Health Equity Unlocked: How Digital Innovations are Overcoming Barriers to Inclusion and Access
Published: August 22, 2023
Access to quality healthcare remains a significant challenge for many individuals and communities, particularly those facing a socioeconomic disadvantage such as geographical barriers, or discrimination based on race, ethnicity, or gender. Remote technologies have the ability to help close access gaps by allowing patients to receive care from the comfort of their homes.
I spent the first 15 years of my career as a primary care provider in federally qualified health centers, and continue to practice as a hospitalist in Lowell, a city where 17% of people live below the poverty line. Through my clinical practice, I have worked to help patients navigate the access challenges in healthcare. I have also worked with, and in, communities to design programs that serve their individual health needs. Through this process, I have learned two things above all else:
- People across demographics want access to convenient, high-quality, tech-enabled care
- They want this care to be appropriate for their contexts
The pandemic highlighted the inequities in access to technology experienced by underserved communities and necessitated infrastructure improvements. Structural challenges remain, with smartphone and broadband access decreasing with education and a socioeconomically disadvantaged status, but we are seeing an uptick in progress towards health equity.
Societally, we are more in tune to health equity than ever before. There are more programs addressing social determinants of health and more funding to decrease health inequity. Moreover, within the medical community, more individuals with varied and diverse lived experience are stepping into leadership roles, which will ultimately lead to more understanding and access. However, the number of leaders who have lived or service experience with marginalized communities is still relatively small in health technology. And, many of the programs are limited to those who are medically underserved, lacking the power of true scale.
Incentives for startups often focus on willingness to pay, which leads to design that can exacerbate inequities. To truly address health inequities at scale, marginalized communities must routinely be a part of the design of health technologies that are powered to scale. The idea that these innovations can simply be scaled to other communities, without their inclusion in the design process, has led to many health-promoting applications that are not relevant to underserved communities. Part of why I got into health tech was so I could use my experience working with, and designing for, historically marginalized communities to help build health equity into scaled solutions. Throughout my career, I have worked to support health literacy gaps, communication preferences, and non-English language at scale.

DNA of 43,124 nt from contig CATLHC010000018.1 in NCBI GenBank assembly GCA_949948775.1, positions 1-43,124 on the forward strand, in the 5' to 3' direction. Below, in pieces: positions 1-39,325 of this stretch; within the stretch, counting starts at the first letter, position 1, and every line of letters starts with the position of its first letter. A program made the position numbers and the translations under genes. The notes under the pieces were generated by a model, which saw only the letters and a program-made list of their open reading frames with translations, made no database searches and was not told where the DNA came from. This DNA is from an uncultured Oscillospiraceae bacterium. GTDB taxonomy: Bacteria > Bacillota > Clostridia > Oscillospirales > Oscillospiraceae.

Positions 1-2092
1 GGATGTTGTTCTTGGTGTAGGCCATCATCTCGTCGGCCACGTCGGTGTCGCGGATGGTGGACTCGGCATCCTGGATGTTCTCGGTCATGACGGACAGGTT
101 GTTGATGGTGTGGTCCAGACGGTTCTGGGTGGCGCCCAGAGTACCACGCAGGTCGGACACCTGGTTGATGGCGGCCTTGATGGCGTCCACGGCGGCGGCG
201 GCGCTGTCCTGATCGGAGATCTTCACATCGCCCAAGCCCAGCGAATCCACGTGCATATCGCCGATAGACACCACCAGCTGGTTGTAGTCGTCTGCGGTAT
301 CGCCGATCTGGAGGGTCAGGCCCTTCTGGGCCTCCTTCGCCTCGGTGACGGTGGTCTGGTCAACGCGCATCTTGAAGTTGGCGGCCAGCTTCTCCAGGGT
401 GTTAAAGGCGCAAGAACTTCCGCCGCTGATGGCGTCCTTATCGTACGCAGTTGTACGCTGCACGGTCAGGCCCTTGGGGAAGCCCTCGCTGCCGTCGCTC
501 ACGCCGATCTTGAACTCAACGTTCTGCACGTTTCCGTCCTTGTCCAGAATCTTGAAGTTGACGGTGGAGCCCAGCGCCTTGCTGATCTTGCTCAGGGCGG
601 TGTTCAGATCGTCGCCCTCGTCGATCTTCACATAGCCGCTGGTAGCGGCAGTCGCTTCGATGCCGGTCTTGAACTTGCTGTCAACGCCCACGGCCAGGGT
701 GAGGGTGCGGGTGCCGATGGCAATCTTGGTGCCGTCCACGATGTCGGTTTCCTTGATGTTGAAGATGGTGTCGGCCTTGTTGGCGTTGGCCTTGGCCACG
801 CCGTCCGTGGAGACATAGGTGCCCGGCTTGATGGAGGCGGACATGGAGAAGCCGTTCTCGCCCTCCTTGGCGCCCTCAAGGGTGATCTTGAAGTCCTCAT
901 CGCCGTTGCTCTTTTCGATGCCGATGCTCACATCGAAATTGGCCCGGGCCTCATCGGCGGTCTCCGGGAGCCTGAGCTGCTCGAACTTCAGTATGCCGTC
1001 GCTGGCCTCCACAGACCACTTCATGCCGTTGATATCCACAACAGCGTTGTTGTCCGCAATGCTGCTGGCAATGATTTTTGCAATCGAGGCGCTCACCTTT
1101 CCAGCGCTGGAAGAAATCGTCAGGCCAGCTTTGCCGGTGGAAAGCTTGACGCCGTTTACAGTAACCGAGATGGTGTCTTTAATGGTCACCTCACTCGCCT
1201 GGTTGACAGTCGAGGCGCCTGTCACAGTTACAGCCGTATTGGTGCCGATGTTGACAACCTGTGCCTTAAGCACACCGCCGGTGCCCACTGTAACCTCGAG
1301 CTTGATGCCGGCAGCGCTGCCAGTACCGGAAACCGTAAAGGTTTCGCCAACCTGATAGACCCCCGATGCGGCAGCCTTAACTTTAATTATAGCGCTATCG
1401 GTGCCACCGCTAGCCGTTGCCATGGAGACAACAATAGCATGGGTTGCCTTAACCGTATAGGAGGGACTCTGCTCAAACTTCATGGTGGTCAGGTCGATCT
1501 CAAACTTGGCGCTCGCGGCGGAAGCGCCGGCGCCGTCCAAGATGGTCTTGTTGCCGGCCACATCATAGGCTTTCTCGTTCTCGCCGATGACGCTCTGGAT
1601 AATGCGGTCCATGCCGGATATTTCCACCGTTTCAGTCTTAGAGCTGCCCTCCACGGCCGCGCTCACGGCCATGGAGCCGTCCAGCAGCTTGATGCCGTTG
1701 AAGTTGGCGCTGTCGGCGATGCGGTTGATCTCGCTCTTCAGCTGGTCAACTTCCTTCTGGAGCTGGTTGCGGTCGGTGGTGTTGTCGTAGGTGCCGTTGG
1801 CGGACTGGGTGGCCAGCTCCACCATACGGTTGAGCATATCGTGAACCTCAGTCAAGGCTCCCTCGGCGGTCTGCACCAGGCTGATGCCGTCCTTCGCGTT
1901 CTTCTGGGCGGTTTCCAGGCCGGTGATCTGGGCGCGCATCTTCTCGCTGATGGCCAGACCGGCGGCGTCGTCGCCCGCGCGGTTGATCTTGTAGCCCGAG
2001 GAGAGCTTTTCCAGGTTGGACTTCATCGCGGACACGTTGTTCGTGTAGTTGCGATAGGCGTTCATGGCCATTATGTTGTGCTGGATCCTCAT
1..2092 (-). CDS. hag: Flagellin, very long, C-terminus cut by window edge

The Heart Seat®
As Casana’s first Chief Medical Officer, I intend to continue the focus on health equity. Casana’s smart toilet seat, the Heart Seat, already has features that will be helpful across contexts. It doesn’t require much work for the user – it’s effortless.
A traditional blood pressure cuff feels like a game of twister. It’s hard to get on your arm and use correctly for many people. The values can be difficult to understand with low health literacy, and anxiety-provoking for many. The Heart Seat requires no skill to use, and does not display the data at the time of measurement, allowing people to control when and how they see their data. We will build upon this ease of use as we build our condition management solutions, bearing in mind and designing with marginalized groups including older adults, ethnic minorities, and those with intellectual, developmental, and physical disabilities.
Overcoming barriers and achieving true equity in healthcare will remain an ongoing battle, however it’s solutions like the Heart Seat that inspire me to continue to be part of the larger mission to make inclusion routine in our industry.
The FDA cleared Heart Seat® captures heart rate and blood oxygenation. The medical device will become commercially available upon future clearance of non-invasive blood pressure.
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